First Lutheran Church - DeKalb, Illinois


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DeKalb, Illinois

May 13, 2015

Boy Scout Troop 33 helped clean up tornado debris in a wooded area on Wheeler Road northwest of Kirkland. Downed trees became neat stacks of wood and brush piles. Their hard work made a visible difference.

Boy Scouts involved in tornado relief

Recovery from the April 9 tornado that ravaged parts of Ogle and DeKalb counties will require a community effort. DeKalb’s Boy Scout Troop 33 has worked on two projects in both Ogle and DeKalb counties.

Their first relief project took place April 12 within 72 hours of the disaster. The Schabacker farm on Hemstock Road northwest of Rochelle was directly hit by the tornado, leveling all the barns, destroying everything but the farmhouse. It had been farmed by generations of the same family since 1863.

The power of the tornado scattered debris from damaged homes immediately south of the farm covering its acreage. Fields were covered with rafters, beams, roofing and just about anything else you can imagine. With the owner’s permission, Scouts worked on the property walking fields and removing debris. More than a hundred other volunteer workers also removed debris that day. It was a project immediately crucial before any planting could be done.

Scouts worked on an area covering 140 acres. As they walked the fields they found and collected all sorts of debris which were placed together in large piles. Some items were extremely large and heavy. Some had to be pried back and forth and pulled out of the ground. Tractors pulled hay wagons to load and carry the debris away to a central location and then to a landfill. The debris collected filled several hay wagons.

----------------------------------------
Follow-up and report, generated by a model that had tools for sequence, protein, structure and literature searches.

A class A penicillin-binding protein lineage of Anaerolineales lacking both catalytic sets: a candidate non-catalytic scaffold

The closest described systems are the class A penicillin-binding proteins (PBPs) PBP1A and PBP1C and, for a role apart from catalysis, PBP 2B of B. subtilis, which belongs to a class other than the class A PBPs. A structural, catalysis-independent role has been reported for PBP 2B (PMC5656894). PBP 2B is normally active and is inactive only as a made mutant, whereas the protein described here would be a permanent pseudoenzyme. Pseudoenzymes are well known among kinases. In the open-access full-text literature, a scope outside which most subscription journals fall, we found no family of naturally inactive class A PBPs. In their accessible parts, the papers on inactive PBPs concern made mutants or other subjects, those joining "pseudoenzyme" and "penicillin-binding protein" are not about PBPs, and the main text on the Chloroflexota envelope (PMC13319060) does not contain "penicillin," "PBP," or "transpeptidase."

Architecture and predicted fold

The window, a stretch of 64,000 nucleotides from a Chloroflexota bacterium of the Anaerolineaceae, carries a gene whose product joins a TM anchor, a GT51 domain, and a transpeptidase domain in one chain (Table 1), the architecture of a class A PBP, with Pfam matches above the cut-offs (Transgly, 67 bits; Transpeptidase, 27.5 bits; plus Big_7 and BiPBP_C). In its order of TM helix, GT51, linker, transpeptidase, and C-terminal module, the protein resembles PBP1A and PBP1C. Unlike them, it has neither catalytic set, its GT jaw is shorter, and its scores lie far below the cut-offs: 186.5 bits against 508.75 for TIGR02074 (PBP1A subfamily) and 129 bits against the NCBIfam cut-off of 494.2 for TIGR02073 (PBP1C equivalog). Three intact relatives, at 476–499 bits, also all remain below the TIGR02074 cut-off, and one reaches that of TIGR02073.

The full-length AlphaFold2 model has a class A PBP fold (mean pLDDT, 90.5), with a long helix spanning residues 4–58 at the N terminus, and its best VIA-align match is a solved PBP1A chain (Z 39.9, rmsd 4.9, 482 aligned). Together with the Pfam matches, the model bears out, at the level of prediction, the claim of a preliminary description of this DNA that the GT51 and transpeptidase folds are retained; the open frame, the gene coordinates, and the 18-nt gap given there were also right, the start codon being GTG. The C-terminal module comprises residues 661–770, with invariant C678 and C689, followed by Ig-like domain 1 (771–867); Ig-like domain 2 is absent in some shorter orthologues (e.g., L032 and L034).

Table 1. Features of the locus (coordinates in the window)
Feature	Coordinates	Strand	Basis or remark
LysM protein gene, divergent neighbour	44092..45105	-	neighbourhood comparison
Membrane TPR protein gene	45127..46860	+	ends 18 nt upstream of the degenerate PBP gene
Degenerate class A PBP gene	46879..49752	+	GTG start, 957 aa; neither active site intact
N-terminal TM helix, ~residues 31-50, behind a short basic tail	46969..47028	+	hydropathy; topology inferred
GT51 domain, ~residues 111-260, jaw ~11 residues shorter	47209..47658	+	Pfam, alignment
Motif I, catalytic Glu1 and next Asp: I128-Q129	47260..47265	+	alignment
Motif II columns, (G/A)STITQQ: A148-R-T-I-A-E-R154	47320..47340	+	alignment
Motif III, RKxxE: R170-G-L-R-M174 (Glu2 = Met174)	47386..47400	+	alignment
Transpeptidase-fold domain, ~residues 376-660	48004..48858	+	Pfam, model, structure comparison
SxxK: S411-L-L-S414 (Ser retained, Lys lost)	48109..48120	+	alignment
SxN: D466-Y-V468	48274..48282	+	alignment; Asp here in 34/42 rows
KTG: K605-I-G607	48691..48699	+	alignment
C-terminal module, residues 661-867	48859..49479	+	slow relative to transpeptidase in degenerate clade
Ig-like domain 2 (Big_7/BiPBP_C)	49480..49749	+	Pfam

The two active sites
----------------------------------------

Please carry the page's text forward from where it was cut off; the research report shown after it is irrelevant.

Troop 33’s second project took place northwest of Kirkland on Wheeler Road where a wooded property lost more than 300 trees downed by the tornado. There to help clear downed trees, adults manned chain saws, older Scouts used hand saws, while younger Scouts carried wood. From the downed trees, stacks of cut wood and brush piles were created. D Ryan Tree Service donated a Bobcat and operator to move giant logs. Hard work made a visible difference.

Recovery from the tornado will involve so much more. There are more fields to walk, more debris to remove and so many more downed trees to clear. There are donated items to be sorted, hundreds of young trees to plant and so much money needs to be raised. Community groups and individual volunteers are needed.

Long Term Recovery requires a community effort. Those with interest or questions about what they can do should call the Volunteer Hotline at 815-762-8653. Individuals and groups interested in volunteering can fill out volunteer forms at http://villageofkirkland.com/2015/04/tornado-recovery-information-volunteers/.

Return to Troop 33
News Stories 2015
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